Although applications could use expanded memory with relative freedom, many other software components such as drivers and TSRs were still normally constrained to reside within the 640K "conventional memory" area, which soon became a critically scarce resource. Terminate and Stay Resident (TSR) computer programs were the only way to achieve a primitive sort of multitasking (usually just task-switching) using the DOS operating system. ...

Clever tricks appeared, notably with QRAM and the LOADHI command, which allowed to place device drivers and TSRs in expanded memory. QRAM did not require a 80386 processor. QEMM, the Quarterdeck Expanded Memory Manager by Quarterdeck, was a popular memory manager for the DOS operating system. ...

The biggest break-through came with the Intel 80386 processor, its virtual memory support and virtual 8086 mode. This combination allowed to freely model the address space used by real mode programs and a wide variety of software-only approaches were invented to move as much code as possible out of the 640K area. An Intel 80386 Microprocessor The 386DX architecture. ... The memory pages of the virtual address space seen by the process, may reside non-contiguously in primary, or even secondary storage. ... In the x86 CPU architecture Virtual 8086 mode, also called virtual-real mode, allows the execution of real mode code under the control of a protected mode operating system. ... Real mode is an operating mode of 80286 and later x86-compatible CPUs. ...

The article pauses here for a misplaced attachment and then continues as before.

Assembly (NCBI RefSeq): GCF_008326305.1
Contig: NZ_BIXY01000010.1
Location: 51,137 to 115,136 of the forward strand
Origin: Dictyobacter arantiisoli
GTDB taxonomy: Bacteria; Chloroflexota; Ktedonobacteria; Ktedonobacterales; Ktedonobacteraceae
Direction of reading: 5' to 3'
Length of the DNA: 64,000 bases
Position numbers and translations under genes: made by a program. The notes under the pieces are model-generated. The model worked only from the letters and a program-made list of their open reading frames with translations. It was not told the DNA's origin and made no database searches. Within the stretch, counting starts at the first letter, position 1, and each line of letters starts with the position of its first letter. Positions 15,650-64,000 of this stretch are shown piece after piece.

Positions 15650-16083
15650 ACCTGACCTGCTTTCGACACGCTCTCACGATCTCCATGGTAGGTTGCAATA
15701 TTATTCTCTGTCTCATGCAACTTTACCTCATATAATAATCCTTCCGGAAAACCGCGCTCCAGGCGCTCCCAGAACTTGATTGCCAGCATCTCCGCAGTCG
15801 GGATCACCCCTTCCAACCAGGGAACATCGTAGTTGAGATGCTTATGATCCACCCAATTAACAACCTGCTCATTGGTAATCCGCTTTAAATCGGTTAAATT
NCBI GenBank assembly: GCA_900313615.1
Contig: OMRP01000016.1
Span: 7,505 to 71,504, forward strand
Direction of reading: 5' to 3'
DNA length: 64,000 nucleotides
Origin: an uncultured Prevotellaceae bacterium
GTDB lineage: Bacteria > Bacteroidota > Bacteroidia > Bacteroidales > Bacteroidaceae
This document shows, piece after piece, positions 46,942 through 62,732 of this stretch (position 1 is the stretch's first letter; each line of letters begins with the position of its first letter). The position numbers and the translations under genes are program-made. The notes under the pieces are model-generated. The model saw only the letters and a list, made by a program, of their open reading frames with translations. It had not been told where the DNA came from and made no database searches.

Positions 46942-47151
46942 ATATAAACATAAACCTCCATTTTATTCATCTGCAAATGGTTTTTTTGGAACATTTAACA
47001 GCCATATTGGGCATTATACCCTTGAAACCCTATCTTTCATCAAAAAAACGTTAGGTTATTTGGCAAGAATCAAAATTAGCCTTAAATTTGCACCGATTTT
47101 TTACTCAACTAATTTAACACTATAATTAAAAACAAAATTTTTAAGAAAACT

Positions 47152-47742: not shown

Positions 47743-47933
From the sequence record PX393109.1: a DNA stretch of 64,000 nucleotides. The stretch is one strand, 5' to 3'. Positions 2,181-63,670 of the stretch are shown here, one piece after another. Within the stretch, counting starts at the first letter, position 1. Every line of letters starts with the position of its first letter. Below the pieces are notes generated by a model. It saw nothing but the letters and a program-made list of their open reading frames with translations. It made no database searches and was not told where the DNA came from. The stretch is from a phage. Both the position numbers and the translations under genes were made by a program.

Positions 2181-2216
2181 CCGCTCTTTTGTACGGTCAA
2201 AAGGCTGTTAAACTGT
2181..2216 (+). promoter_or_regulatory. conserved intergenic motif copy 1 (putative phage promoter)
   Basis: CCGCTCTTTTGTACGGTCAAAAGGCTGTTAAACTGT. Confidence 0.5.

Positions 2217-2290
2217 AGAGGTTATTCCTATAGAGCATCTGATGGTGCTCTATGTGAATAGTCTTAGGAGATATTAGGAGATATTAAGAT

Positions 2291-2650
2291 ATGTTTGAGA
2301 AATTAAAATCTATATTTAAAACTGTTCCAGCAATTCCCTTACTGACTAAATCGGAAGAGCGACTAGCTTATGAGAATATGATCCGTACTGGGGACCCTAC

Memory managers like QEMM might move the bulk of the code for a driver or TSR into extended memory and replace it with a small fingerhold that was capable of accessing the extended-memory-resident code. They might analyze memory usage to detect drivers that required more RAM during startup than they did subsequently, and recover and reuse the memory that was no longer needed after startup. They might even remap areas of memory normally used for memory-mapped I/O. Many of these tricks involved assumptions about the functioning of drivers and other components. In effect, memory managers might reverse-engineer and modify other vendors' code on the fly. As might be expected, such tricks did not always work. Therefore, memory manages also incorporated very elaborate systems of configurable options, and provisions for recovery should a selected option render the PC unbootable (a frequent occurrence).

Installing and configuring a memory manager might involve hours of experimentation with options, repeatedly rebooting the machine, and testing the results. But conventional memory was so valuable that PC owners felt that such time was well-spent if the result was to free up 30K or 40K of conventional memory space.

  Results from FactBites:
The Memory Management Reference (101 words)
This is a resource for programmers and computer scientists interested in memory management and garbage collection.
Articles giving a beginner's overview of memory management and explaining specific areas of it.
Ravenbrook are happy to provide advanced memory management solutions to language and application developers through our consulting service.
Memory management - Wikipedia, the free encyclopedia (221 words)
Virtual memory systems increase the effectively available amount of RAM using disk swapping.
This is generally implemented at the programming language level and is in opposition to manual memory management, the explicit allocation and deallocation of computer memory resources.
In addition to standard memory management, DOS led to the development of programs known as memory managers.
  More results at FactBites »